/   Home   /   Newsroom   /   Research News

Cu-bearing Stainless Steel Firstly Applied for Urological Diseases Treatment

Nov 22, 2016     Email"> PrintText Size

The bacterial infection and encrustation of urethral stents are the most common complications in urological diseases treatments, bringing about much burden on patients.

The biomaterials research group led by Prof. YANG Ke from the Institute of Metal Research, Chinese Academy of Sciences, firstly applied a novel Cu-bearing stainless steel with multi-biofunctions for relieving the ureteral stricture, aiming to reduce the failure of the therapy.

Their recent results indicate that the Cu-bearing stainless steel exhibits obvious biofunctions of antibacterial activity, reducing encrustation, promoting endothelialization and inhibiting fibrosis, meanwhile, there is no toxicity, due to the continuous and steady release of Cu ions in the urine.

Based on these unique biofunctions of the Cu-bearing stainless steel, the group has designed a new type of urethral stent, and applied it for a Chinese Patent.

The recent results done by ZHAO Jing, a PhD student of Prof. YANG shows that the Cu-bearing stainless steel has a significant inhibitory effect on formation of the biofilms in the urinary system (Fig.1) and greatly reduces the formation of infectious encrustation (Fig.2).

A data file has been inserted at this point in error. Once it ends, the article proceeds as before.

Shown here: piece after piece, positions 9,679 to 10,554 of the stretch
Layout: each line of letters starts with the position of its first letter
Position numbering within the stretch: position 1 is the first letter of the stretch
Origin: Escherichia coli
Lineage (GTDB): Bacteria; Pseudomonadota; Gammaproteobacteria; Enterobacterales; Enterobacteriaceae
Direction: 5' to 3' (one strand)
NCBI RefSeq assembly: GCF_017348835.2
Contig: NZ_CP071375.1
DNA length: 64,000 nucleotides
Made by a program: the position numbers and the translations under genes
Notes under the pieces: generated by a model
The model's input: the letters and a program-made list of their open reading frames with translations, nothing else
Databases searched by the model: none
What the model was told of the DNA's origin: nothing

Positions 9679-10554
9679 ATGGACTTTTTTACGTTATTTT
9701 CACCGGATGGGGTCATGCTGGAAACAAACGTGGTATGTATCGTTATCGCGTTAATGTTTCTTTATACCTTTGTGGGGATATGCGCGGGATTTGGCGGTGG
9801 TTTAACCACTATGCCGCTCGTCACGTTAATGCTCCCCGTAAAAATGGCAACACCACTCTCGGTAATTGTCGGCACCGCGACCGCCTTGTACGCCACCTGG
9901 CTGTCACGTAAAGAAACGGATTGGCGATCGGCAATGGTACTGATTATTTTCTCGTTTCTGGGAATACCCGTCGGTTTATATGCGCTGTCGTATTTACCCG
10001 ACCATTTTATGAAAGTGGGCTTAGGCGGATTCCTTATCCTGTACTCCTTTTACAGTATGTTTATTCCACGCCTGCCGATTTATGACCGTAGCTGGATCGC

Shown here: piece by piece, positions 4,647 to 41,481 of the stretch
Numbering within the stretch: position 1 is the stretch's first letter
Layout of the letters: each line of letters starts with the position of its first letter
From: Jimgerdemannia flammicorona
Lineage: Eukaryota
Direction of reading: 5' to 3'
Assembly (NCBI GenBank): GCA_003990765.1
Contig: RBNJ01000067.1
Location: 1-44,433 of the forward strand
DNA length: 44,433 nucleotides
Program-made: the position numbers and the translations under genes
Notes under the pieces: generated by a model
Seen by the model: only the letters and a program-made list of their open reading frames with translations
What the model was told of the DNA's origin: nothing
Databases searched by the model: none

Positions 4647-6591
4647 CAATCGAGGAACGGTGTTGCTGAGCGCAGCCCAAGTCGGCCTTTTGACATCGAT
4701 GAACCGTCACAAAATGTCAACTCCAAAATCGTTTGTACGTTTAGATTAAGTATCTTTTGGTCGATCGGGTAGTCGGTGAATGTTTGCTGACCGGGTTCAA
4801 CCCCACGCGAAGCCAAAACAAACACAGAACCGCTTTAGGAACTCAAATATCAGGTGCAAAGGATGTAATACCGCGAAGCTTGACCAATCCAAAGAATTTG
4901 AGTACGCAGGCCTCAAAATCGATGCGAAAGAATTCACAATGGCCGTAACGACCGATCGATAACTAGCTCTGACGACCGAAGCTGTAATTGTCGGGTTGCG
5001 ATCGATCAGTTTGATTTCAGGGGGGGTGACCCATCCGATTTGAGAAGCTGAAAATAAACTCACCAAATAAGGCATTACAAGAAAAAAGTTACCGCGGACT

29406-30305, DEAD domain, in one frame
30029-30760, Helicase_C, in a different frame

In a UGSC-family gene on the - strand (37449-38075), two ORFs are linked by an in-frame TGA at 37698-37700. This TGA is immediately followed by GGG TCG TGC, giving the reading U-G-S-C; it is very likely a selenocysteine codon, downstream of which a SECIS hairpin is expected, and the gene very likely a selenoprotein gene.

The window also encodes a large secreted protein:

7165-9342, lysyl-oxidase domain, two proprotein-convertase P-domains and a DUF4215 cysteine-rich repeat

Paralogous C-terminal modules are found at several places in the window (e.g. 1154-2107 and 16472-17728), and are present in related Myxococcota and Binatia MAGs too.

In addition, the steel has a selective effect on promoting proliferation and migration of urethral epithelial cells (Fig.3). It also inhibits the urethral scar fibroblasts (Fig.4), while promoting the endothelialization and reducing the restenosis.

This novel Cu-bearing stainless steel with multi-biofunctions is very potential to be used as the implanted materialin urological environment, which may well solve the complications associated with implanted devices.

The study entitled "A novel ureteral stent material with antibacterial and reducing encrustation properties" has been published online in Materials Science and Engineering C.


Fig.1 Live/dead staining of adherent Escherichia Coli on the surfaces of 316L-CuSS and 316LSS after 4, 6, 8 and 24h co-cultures. (Image by IMR)


Fig.2 Crystalline deposits on the surface of samples after incubation with bacteria for 72h: (a) 316L-Cu SS and (b) 316L SS. (Image by IMR)


Fig.3 Migration of urethral epithelial cells (UECs) after incubation with different material extracts for 24h, showing that 316L-Cu SS promotes proliferation of UECs. (Image by IMR)


Fig.4 Migration of urethral scar fibroblasts cells (USFCs) after incubation with different material extracts for 24h, showing that 316L-Cu SS attenuates proliferation of USFCs. (Image by IMR)


(Editor: ZHANG Nannan)


Related Articles

stainless steel;electrocatalyst;water splitting;electrocatalytic water splitting;rusty electrode

Rusty Steel? No Problem, Let’s Split Water With It

Jul 26, 2016

Scientists in China have showed that artificially corroded stainless steel plates can act as excellent electrocatalysts for splitting water into hydrogen and oxygen. Their technology, published in Angewandte Chemie, represents a surprisingly simple approach towar...

Contact Us

Copyright © 2002 - Chinese Academy of Sciences